Faster growth needed in Europe

Europe's economy is so enfeebled by high taxes and restrictive regulations that it can't pay for all the benefits promised by the social welfare state. The gap between promise and performance must widen and, in the process, spawn disillusion and discord, says Robert J. Samuelson.

What's needed is faster growth in Europe, which would reduce joblessness and bolster global trade. One obvious step is to cut interest rates:

  • Compared with the Federal Reserve, the European Central Bank (ECB) has been overly cautious. Its key interest rate is 2 percent; the Fed's is 1 percent.

  • The ECB's timidity reflects excessive worry about higher inflation (now 2 percent) and a more defensible belief that Europe's main economic problems are "structural" – meaning high taxes and regulations.

    Thoughtful Europeans now recognise this:

  • Last year Germany trimmed unemployment benefits and the tax used to pay for health insurance; that meant reducing some health benefits and requiring some co-payments by patients.

  • In France, the government defied street demonstrations to increase the retirement age for public employees.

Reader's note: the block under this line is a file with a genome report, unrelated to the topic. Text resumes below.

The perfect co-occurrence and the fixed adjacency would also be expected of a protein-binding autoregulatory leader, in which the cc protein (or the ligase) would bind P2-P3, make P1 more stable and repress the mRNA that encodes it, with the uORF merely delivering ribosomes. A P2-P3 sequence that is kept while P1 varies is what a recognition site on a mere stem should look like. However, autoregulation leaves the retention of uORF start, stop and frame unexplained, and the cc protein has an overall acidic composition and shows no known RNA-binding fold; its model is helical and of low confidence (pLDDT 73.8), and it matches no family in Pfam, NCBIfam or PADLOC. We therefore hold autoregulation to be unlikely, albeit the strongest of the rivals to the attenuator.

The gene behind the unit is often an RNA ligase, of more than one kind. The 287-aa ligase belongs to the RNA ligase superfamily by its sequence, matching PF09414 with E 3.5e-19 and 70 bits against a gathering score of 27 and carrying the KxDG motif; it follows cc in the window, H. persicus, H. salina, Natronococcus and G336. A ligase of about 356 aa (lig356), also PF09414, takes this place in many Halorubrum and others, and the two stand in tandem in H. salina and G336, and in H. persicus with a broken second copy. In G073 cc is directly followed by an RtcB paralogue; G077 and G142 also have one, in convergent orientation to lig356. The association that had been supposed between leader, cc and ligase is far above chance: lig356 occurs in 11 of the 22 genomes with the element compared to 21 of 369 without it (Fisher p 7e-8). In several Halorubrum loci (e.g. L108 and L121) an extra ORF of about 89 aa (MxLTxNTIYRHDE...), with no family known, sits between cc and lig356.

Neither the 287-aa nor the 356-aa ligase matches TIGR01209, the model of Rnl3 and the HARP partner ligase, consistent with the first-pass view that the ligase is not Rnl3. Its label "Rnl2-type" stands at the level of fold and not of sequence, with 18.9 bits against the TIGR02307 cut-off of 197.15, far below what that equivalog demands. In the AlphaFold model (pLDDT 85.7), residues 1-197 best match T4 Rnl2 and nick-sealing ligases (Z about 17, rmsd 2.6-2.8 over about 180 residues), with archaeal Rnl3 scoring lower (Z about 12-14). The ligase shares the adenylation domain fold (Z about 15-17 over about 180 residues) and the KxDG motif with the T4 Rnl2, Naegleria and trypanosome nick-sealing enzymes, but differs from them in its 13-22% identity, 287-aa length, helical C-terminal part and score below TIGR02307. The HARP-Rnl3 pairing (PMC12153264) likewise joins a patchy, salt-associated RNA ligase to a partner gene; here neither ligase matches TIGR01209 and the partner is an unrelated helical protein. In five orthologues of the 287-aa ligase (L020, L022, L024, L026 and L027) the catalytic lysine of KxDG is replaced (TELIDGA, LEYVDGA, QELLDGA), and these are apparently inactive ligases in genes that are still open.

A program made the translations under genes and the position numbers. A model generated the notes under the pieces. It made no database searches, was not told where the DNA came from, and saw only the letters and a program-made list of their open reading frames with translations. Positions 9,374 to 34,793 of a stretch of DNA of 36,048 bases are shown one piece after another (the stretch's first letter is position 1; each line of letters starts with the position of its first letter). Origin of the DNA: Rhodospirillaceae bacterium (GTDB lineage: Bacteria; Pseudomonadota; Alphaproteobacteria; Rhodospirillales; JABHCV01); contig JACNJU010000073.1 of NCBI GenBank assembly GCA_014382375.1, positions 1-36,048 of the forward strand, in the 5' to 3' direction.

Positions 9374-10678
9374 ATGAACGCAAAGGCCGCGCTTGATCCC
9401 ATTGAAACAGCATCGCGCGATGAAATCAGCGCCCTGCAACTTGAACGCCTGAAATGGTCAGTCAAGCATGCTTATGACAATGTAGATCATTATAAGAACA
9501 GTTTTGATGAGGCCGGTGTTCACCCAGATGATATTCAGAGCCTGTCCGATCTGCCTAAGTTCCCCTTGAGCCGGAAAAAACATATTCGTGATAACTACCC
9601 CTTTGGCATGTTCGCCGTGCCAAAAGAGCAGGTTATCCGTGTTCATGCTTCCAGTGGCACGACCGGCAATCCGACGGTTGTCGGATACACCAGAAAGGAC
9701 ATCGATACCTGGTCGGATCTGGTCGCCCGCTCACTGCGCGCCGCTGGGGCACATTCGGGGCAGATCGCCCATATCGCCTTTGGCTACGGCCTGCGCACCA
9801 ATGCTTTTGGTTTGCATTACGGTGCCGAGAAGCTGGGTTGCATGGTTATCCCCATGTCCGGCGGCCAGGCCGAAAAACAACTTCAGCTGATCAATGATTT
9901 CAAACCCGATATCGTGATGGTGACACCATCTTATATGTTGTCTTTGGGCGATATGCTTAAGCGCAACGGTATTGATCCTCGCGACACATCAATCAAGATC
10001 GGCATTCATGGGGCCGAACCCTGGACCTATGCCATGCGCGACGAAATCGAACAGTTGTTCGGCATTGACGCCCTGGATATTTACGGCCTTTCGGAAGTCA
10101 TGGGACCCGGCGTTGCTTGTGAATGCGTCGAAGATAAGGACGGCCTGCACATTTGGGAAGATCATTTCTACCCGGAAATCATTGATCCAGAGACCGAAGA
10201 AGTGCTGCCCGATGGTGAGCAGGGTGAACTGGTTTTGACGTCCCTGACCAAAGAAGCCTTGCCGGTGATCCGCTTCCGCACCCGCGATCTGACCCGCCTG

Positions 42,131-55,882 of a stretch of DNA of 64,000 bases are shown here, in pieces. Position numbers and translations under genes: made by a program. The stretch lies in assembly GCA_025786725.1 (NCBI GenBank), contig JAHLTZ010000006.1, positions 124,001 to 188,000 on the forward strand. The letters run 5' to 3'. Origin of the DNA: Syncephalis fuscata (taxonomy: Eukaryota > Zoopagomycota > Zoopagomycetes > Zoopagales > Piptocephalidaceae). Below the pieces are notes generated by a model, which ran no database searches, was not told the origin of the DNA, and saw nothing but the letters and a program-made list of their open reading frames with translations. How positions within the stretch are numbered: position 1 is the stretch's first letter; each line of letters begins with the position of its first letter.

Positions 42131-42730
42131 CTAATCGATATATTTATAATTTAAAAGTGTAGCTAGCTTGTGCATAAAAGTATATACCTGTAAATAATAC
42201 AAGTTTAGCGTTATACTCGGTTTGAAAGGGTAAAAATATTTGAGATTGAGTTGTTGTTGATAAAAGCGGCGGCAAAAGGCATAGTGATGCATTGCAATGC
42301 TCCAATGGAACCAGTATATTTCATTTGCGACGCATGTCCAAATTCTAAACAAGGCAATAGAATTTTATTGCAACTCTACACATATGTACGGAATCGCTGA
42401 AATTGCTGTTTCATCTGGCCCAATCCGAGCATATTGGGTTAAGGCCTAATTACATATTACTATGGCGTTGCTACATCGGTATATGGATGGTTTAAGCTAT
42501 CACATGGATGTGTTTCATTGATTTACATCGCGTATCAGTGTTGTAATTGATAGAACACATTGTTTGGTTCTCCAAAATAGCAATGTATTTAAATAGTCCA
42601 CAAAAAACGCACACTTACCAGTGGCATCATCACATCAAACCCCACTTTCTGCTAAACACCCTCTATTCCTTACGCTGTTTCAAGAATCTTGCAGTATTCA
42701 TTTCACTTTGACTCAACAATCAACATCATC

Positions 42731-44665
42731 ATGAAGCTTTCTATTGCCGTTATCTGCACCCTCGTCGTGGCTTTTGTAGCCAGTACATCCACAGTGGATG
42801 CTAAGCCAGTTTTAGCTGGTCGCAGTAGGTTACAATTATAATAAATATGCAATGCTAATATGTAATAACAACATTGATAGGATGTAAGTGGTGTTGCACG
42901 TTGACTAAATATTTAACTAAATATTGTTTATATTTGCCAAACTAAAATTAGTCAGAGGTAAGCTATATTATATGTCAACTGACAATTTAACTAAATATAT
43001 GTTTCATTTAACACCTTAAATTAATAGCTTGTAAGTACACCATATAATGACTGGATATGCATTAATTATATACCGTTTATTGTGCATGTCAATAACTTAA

Although these were remarkable political steps, they won't single-handedly reinvigorate Europe's largest economies or avert the long-term budget problem.

    The predicament faced by Europeans – one shared to some degree by all advanced nations, including the United States – is this: Unless they take modestly unpopular steps today, they will be faced with hugely unpopular consequences tomorrow. But no one knows when tomorrow arrives and what those consequences will be. The temptation is to do nothing in the hope that nothing bad ever happens. The lesson of Europe's wobbly economy suggests that bad things have already happened, says Samuelson.

    Source: Robert J. Samuelson, The European Predicament, Washington Times, February 4, 2004.

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    FMF Policy Bulletin/ 10 February 2004
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